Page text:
I do not 100% agree that the issue of distance no longer exists; however I agree time zones are here to stay! According to the authors of, “I’m working while they’re sleeping”, we do not have a problem communicating across distances because there are so many tools available to ease this process, however, issue of differences in time is still there and will remain. Even some of the evidence the authors present in the book, on team dispersion versus productivity, refutes the claim that the issues of working across distances are all in the past. This part I did not get….. One of the examples given was the issues teams experience, even when they are located in the same building, efficiency still goes down……probably due to people thinking that less effort is needed if you are in the same building. I think we have all seen this, even with a difference in floors, in the same building, there tends to be knowledge on some floors that has not been dispersed to people on other floors. However, the authors gloss over this issue for the book, stating there are no more issues across distances, but rather concentrate on talking about the issues caused by time zone differences.
This is the third book which Erran Carmel has been an author on, which I have reviewed. Therefore I was anxious to take a closer look at it. For me it was the first book that I have seen, that concentrates chiefly on time zone differences. I am vacillating as to who is the best targeted audience for this book? After reading through, I am thinking it would be most beneficial to those who have already worked, at least once, with teams across many time zones. The situations discussed would be very familiar and it would be easier to pick up tips of what to do next time, than to pick out planning tips that could be used for your first “distributed across multiple time zones” team. The authors seem to elude to this as well, that time zone differences and how to deal with them, is not a concern until it becomes a problem; i.e. not usually seen as an area to talk about upfront when starting a team. However, I do see this as a book that could be very useful for the person who is looking to become, or has been tagged to become the “global liaison”, as the author’s refer to the person who works between teams in different locations (this person could also be the product manager, project manager, project coordinator, or have a host of other titles).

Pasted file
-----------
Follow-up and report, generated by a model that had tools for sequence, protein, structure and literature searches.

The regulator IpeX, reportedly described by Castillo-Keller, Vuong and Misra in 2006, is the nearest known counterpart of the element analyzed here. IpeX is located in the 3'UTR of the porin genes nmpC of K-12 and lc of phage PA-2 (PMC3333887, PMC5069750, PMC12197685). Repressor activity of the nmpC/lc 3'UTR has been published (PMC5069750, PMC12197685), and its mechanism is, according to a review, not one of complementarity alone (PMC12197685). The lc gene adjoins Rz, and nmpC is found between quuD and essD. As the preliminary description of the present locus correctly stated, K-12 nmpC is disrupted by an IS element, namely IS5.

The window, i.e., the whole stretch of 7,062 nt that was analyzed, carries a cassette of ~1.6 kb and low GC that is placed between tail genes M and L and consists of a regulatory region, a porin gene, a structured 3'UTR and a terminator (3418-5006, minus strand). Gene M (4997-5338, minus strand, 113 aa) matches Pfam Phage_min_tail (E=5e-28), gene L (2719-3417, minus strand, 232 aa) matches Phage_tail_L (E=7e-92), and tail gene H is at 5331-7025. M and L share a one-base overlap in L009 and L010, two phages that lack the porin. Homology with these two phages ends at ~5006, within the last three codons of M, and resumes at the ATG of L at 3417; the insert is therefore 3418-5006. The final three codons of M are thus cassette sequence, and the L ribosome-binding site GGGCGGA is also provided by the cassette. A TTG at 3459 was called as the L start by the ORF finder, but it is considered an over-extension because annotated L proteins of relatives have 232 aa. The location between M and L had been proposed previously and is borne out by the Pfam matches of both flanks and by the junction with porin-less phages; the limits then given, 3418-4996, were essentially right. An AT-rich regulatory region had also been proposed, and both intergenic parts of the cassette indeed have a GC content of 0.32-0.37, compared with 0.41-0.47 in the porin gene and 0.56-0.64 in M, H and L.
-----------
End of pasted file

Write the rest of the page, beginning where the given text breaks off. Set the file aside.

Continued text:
The book itself is broken up in to three sections: The Fundamentals, Time Zone strategy, and the last section is titled, “Time and a Half”. I had to laugh at the comment in the section on fundamentals, about outcomes, and that, “The advantage of distributed work is that you can blame distributed work for the project being late……”. An excellent point is made, that bears repeating, that we need to understand when coordination is truly necessary. One team may be effectively coordinated but at an extraordinary cost, thereby driving team performance outcomes down. A good example of this is when a coordinator (or global liaison) manages too few people, not an optimal number; the cost is high and the performance is lower than it could be.